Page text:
Tag Archives: Consumer Electronics Show

Apres Kindle Le Deluge. A Guide for the Perplexed

Scorecard here! Can’t tell yer e-book readers without a scorecard!

That seems to be the consensus of bloggers covering the recent Consumer Electronics Show held in Las Vegas. Inspired by the success of the Kindle, Sony eReader, and Nook, a host of would-be Kindle-killers and Nookslayers has flooded the marketplace with lookalikes, playalikes and costalikes. Consumers who’ve been sitting on the sidelines waiting for a second generation of e-readers are now shaking their heads in confusion. Huffington Post has produced a handy-dandy guide for the perplexed with photos and thumbnail descriptions of each device. Just click here, then go the red navigation bar and click “Next” to view a complete array of current e-book reader choices. It may answer your questions. Or it may leave you as mixed up as ever.

So…with so many gadgets to choose among and factors to compare, is there a simple single decisive criterion to guide us home? In fact there is: Content. All things being more or less equal, you can’t go too wrong selecting a reader with a rich library or store of books, magazines, newspapers and other publications.

A case in point is a device displayed at the Consumer Electronic Show called the Skiff Reader. Dan Nosowitz, Gizmodo’s reviewer, gave it high marks for beauty, slimness, weight, screen size and functionality: “I just got a chance to play with the big-screened, touchscreened Skiff Reader, which is targeted at periodicals. It’s incredibly thin, incredibly light, and they’ve even got a color screen prototype—Kindle and Nook should be scared.”

They should be scared but they won’t be for one simple reason: Skiff does not have a store or library of content behind it. “Kindle and Nook waltzed into this world with massive and well-known stores behind them,” says Gizmodo, “and the Skiff is creating one from scratch. They’ve got a lot of publishers behind them, but the store right now is pretty bare. Of course, since it’s not out yet, this may all be a moot point—but I wonder if their scrappy little store can compete with Amazon and Barnes & Noble.

Wilson Rothman, blogging for Gawker, states the case for content even more bluntly in a posting titled There Are Officially Too Many E-Book Readers. A lot of consumers, he writes, “will buy some $100 reader, then wonder why they can’t borrow books from their friend who has a Nook, or can’t get the same stuff that’s sold on the Kindle.”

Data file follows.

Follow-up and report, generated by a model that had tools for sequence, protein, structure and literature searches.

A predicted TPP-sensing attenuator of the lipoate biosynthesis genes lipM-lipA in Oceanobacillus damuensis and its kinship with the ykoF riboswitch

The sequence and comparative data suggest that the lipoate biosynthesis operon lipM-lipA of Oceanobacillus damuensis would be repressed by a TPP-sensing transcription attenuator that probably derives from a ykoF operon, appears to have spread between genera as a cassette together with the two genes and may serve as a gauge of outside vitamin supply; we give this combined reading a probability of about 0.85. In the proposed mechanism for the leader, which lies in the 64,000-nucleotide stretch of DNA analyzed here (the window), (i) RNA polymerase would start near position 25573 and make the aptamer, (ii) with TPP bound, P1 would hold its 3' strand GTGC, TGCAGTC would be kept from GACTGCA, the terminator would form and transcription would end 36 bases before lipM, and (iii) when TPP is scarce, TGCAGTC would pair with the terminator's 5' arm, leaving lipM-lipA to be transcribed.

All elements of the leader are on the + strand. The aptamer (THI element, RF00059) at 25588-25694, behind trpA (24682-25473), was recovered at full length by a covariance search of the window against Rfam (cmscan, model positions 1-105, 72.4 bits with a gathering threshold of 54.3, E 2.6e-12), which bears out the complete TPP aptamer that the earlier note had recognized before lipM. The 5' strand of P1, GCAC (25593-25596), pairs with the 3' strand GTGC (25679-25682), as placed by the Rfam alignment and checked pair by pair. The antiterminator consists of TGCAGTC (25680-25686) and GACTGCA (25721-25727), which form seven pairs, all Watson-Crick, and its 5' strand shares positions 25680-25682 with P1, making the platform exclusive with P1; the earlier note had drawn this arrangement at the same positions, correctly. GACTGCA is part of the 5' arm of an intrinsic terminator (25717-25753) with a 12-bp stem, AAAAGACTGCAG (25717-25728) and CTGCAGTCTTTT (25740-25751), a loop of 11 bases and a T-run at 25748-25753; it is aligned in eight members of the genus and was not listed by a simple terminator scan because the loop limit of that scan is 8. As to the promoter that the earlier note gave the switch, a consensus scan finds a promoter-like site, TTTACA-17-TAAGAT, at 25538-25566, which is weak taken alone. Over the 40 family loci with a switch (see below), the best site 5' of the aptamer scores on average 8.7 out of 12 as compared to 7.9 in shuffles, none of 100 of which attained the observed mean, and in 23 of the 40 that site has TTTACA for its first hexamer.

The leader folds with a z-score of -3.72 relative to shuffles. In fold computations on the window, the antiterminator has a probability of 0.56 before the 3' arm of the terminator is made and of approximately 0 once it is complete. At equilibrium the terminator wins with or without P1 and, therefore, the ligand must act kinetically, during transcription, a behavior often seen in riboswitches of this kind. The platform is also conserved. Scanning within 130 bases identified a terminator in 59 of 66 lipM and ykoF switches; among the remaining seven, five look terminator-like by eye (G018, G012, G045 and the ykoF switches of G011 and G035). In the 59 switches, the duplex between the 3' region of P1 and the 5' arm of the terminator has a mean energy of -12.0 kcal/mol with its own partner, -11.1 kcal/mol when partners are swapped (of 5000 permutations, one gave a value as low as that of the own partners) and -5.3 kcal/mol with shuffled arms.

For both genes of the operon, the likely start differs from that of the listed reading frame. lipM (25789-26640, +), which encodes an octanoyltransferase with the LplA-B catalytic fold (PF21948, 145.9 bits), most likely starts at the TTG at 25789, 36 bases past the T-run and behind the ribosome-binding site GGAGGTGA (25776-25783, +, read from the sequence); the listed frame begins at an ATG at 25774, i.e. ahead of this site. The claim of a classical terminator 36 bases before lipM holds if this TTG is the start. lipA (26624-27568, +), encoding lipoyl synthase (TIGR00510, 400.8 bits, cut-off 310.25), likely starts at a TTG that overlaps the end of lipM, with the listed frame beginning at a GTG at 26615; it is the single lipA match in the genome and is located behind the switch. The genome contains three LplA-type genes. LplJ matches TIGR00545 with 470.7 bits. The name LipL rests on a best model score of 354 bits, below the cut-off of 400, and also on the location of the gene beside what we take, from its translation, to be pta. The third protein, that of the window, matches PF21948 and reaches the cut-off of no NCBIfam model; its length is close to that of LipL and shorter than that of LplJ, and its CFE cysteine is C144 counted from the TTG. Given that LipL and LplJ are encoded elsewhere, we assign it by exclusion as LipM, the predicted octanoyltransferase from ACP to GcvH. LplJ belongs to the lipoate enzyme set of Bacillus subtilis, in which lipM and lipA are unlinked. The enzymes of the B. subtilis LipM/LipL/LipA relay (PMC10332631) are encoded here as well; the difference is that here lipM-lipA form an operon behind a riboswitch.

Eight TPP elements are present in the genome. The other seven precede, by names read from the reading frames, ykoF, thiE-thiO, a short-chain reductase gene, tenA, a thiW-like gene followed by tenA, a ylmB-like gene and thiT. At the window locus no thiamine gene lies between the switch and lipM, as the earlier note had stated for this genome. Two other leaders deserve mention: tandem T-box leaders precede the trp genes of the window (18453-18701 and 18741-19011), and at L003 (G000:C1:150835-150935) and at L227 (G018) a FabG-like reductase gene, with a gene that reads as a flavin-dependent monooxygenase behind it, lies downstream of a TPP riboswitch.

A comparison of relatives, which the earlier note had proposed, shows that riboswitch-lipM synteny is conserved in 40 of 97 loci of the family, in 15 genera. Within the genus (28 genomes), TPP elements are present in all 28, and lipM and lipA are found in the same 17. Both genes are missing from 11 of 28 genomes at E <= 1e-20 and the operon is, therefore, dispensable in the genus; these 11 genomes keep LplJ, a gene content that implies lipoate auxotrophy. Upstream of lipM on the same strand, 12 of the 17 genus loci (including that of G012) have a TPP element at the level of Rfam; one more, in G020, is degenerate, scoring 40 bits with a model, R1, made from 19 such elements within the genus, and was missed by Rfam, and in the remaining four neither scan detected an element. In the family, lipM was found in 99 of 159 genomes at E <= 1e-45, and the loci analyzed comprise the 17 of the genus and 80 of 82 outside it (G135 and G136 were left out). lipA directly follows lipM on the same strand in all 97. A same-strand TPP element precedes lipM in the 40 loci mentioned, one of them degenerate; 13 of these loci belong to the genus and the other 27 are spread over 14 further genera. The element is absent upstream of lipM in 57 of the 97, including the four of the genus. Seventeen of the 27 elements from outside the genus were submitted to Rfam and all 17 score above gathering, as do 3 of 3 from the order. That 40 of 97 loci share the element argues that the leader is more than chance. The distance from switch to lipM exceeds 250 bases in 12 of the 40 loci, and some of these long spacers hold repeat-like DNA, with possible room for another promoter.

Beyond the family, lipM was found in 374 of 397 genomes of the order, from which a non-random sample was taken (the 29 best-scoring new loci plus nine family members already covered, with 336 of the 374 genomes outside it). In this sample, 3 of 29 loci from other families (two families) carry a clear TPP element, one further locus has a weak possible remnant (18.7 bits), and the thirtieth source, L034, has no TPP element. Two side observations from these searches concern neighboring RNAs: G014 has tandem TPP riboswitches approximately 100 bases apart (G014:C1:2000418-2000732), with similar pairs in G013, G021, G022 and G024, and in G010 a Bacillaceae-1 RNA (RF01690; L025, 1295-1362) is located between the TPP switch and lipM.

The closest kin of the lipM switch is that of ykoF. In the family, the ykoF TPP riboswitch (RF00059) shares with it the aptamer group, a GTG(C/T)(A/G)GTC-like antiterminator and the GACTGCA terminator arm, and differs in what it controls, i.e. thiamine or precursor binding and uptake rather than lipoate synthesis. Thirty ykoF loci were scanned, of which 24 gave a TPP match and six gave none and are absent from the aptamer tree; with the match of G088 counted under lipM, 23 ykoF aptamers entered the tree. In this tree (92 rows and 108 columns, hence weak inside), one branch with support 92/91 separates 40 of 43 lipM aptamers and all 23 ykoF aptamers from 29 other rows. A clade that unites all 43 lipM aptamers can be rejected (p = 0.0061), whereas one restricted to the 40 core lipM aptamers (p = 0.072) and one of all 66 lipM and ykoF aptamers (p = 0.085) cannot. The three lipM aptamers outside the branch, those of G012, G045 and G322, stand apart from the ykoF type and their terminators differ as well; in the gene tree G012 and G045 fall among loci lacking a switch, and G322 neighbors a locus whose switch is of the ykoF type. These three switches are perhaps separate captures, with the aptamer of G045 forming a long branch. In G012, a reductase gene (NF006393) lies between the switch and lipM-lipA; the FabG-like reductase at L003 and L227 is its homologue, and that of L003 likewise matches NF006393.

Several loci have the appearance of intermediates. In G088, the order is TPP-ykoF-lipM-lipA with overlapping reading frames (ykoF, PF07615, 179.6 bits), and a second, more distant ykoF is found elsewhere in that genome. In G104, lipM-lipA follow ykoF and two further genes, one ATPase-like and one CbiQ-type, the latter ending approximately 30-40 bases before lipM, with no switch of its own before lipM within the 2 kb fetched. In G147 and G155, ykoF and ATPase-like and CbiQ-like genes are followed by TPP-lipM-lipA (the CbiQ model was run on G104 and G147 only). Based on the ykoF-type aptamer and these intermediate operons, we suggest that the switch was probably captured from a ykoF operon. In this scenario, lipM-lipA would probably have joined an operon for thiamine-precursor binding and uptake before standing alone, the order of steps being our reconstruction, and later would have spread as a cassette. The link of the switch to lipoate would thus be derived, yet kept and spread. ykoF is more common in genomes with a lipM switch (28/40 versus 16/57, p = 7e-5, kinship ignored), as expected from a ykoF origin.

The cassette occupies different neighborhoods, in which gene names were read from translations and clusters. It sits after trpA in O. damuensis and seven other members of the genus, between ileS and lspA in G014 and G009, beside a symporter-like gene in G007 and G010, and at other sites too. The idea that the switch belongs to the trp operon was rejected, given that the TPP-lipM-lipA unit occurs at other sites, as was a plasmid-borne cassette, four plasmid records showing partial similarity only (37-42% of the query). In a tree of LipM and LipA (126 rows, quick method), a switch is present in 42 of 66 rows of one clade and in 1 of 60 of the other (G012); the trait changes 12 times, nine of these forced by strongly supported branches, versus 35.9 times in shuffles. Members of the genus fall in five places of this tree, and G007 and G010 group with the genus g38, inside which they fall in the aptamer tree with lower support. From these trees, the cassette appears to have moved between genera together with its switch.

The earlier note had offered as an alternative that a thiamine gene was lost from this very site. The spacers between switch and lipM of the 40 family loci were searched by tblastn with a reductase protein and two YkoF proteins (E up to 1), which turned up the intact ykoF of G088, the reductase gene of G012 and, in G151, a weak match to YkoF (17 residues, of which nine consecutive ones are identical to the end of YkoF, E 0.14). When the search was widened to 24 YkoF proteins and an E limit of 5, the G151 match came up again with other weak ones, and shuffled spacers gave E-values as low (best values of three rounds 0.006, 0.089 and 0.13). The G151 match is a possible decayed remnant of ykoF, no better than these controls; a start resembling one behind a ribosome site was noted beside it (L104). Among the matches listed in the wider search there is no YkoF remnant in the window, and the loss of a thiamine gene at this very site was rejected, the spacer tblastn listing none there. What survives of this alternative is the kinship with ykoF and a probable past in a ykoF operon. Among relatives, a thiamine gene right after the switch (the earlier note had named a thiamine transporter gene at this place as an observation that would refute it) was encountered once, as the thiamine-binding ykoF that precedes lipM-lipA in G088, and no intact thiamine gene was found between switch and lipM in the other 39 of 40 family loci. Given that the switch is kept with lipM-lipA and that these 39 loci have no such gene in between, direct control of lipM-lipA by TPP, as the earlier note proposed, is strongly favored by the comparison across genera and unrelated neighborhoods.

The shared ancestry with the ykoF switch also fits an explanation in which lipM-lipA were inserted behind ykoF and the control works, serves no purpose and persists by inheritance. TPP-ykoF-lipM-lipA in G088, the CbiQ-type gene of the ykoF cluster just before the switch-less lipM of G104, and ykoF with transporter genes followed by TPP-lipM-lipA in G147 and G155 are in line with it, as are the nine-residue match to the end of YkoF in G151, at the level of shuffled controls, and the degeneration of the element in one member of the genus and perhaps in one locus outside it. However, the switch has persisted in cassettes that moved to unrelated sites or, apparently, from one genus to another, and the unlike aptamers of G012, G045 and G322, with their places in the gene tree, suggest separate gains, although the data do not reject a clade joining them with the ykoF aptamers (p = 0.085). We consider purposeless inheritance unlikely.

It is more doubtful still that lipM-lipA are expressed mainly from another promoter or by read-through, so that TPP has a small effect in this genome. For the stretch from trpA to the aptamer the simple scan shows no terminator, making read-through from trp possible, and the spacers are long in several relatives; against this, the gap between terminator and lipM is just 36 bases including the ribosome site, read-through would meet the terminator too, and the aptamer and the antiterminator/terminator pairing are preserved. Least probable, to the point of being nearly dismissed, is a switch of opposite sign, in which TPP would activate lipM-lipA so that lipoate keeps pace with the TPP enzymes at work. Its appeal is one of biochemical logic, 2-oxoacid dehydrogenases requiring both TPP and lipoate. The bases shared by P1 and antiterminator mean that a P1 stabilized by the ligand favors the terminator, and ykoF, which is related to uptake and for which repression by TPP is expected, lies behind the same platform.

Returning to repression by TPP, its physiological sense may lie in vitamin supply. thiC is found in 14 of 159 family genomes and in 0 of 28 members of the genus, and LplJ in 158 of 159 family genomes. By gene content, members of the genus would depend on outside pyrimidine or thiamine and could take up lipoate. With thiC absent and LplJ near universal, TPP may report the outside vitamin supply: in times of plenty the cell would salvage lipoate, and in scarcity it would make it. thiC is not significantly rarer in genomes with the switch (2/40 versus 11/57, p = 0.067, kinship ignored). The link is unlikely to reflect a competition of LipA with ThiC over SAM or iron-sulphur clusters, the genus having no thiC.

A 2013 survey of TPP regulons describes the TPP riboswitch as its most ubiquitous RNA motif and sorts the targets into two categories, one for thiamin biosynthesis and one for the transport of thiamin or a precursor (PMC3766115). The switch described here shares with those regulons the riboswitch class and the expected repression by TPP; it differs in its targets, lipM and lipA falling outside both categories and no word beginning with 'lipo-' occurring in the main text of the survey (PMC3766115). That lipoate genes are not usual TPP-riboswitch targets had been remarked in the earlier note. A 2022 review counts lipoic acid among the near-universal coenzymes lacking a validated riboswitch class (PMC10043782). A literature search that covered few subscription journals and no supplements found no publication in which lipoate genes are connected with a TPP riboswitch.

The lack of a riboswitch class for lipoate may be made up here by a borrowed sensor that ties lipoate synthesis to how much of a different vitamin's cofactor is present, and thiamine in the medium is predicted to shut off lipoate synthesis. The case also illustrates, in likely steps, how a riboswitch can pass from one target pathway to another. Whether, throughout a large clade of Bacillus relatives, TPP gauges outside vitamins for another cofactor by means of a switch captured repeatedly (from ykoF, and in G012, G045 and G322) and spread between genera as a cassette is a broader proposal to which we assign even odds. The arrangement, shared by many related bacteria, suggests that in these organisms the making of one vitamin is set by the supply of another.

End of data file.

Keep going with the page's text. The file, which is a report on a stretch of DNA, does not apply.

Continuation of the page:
Rothman also raises a very important point: if the new breed of cheap e-book readers doesn’t carry legitimate content, customers might turn to file-sharing pirates for it. “Cheap e-ink readers will essentially be targeted at people with libraries of pirated books,” he says.

What’s a consumer to do? Rothman seems to be urging us to wait a little longer until full color, multitouch tablets reach the marketplace. “E-ink is an interim technology, a stopgap measure to keep our attention till we have full-color video tablets (slates?) whose batteries last for ‘days’.”

Rothman’s bottom line? “Go Kindle, wait for a cheap-as-hell reader, pray for a slate, or buy a book. A real paper-and-ink book.

Richard Curtis

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Hybrids Work for Cars. Why Not for Screens?

One of the hit tech wonders of the recent Consumer Electronics Show in Las Vegas was a schizophrenic screen called the Pixel Qi that may solve some major problems for e-book manufacturers. Foremost among those problems is how to extend battery life in the forthcoming power-gobbling generation of tablets.

The principle is simple enough. “The gray-and-white E Ink displays on devices like the Kindle and Barnes & Noble’s Nook do not have color and cannot show video,” writes the New York Times‘s Brad Stone. “Computers can, but text is difficult to read in full sunlight on laptop displays, which also hog battery power and can strain the eyes when reading for long periods.”

Like a hybrid car that alternates between gas and battery power, the Pixel Qi maximizes energy efficiency. Earlier this week we wondered whether the soon-to-be-announced Apple iSlate might be a battery-drainer. Could Pixel Qi be the remedy?

Read One Screen to Read It All and judge. But if the iSlate doesn’t use Pixel Qi, don’t be surprise if others do. A half-dozen manufacturers “were showing devices with Pixel Qi’s screen behind the scenes at the show and preparing to sell them later this year,” says Stone.

Richard Curtis

Every Blogger owes a debt of gratitude to newspapers and magazines. This posting relies on original research and reporting performed by the New York Times.

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